Saturday: The next morning is better. Breakfasts, for the majority who get up early, are boisterous and cheerful and feature made-to-order plates of pancakes, bacon, and deliciously fresh eggs. (The chicken coop is roughly 15 yards away.) I eat more pancakes than seems possible.

I learn that there are six other fiction writers, six composers, four visual artists, two playwrights, two screen-writers, an absurdly young memoirist, a nonfiction writer, a choreographer, and an interdisciplinary artist—a woman from Michigan/Berlin who combines visual art with cultural work—currently in residence. I begin memorizing names.

After dinner, a composer gives a presentation of his work, playing recordings of two chamber ensembles written for both classical instruments and baroque strings. I overhear a novelist asking the nonfiction writer about horses; her novel is set in the early 20th century, and she’s trying to establish the right details for the horse scenes. The nonfiction writer has been reporting on the horse world for most of her career. Another novelist and I swap names of favorite authors. Horse talk is in the air, and I recommend a book by Peter Carey. She suggests Jane Smiley. Someone warns us about deer ticks. A painter complains about the lunch.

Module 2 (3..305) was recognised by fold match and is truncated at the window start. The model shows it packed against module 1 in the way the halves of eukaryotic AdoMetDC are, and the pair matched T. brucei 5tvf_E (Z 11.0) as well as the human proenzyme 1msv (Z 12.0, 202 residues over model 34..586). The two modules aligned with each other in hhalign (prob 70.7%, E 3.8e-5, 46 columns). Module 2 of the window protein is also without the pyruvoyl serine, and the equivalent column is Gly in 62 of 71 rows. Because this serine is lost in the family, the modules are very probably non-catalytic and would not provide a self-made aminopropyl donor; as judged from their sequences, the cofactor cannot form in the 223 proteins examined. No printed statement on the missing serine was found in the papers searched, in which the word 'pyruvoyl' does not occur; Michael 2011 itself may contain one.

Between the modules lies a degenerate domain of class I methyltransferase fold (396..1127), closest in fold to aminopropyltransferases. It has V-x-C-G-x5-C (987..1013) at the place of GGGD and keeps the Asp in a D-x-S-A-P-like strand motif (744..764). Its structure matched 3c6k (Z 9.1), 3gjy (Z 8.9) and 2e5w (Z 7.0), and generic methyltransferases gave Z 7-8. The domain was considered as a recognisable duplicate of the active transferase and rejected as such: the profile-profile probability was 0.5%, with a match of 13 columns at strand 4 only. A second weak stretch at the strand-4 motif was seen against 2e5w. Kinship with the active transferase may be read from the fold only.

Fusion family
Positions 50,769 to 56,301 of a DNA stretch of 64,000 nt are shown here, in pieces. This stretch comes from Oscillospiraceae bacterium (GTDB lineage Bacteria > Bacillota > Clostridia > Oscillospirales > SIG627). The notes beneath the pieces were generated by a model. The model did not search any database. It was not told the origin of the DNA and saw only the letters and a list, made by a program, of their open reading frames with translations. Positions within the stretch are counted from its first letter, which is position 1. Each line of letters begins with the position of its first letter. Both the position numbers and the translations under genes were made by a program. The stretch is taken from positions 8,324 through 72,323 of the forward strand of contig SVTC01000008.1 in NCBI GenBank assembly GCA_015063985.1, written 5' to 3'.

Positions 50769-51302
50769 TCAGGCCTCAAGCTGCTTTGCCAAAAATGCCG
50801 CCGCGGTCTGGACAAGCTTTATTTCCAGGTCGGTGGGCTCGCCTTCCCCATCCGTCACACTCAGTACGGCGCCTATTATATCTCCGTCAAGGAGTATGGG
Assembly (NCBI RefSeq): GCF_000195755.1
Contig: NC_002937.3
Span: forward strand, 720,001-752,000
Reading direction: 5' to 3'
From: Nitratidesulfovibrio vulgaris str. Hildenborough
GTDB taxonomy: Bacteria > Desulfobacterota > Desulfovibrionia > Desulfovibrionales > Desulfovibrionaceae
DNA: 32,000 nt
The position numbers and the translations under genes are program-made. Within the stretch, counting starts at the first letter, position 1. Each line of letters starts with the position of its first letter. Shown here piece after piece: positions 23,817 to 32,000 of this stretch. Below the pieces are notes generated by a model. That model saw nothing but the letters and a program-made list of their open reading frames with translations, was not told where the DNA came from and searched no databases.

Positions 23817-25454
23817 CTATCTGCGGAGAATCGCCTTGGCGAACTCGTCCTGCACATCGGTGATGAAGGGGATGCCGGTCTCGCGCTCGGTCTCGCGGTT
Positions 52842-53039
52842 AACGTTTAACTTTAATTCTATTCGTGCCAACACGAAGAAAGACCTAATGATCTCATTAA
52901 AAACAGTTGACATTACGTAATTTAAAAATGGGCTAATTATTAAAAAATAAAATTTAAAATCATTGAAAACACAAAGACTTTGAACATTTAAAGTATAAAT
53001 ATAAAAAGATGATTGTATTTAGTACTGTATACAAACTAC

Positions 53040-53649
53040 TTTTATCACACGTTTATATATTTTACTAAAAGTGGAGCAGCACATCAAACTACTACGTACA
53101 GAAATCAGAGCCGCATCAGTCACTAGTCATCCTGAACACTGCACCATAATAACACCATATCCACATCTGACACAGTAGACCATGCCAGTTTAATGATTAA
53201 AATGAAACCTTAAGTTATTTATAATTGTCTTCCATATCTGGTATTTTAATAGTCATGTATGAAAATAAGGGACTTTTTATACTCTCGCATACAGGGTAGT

A few days later: Most of an artist’s time is spent alone. In my studio, there is just my messy 41,000-word manuscript and me. The writing I did back home was mad-dash/first-draft desperation: I wrote 700 words a day until something in a scene got stuck, then I stopped and wrote another outline. Now, six outlines later, I’m trying to decide exactly how this thing begins. One character seduces another, but I can’t work out which. I try writing the opening chapter one way, then throw it out and start over.

Outside, I hear chickadees and juncos. I get up, look out. In the meadow, I see a flock of wild turkeys. A look through my binoculars confirms it: turkeys. Seven turkeys.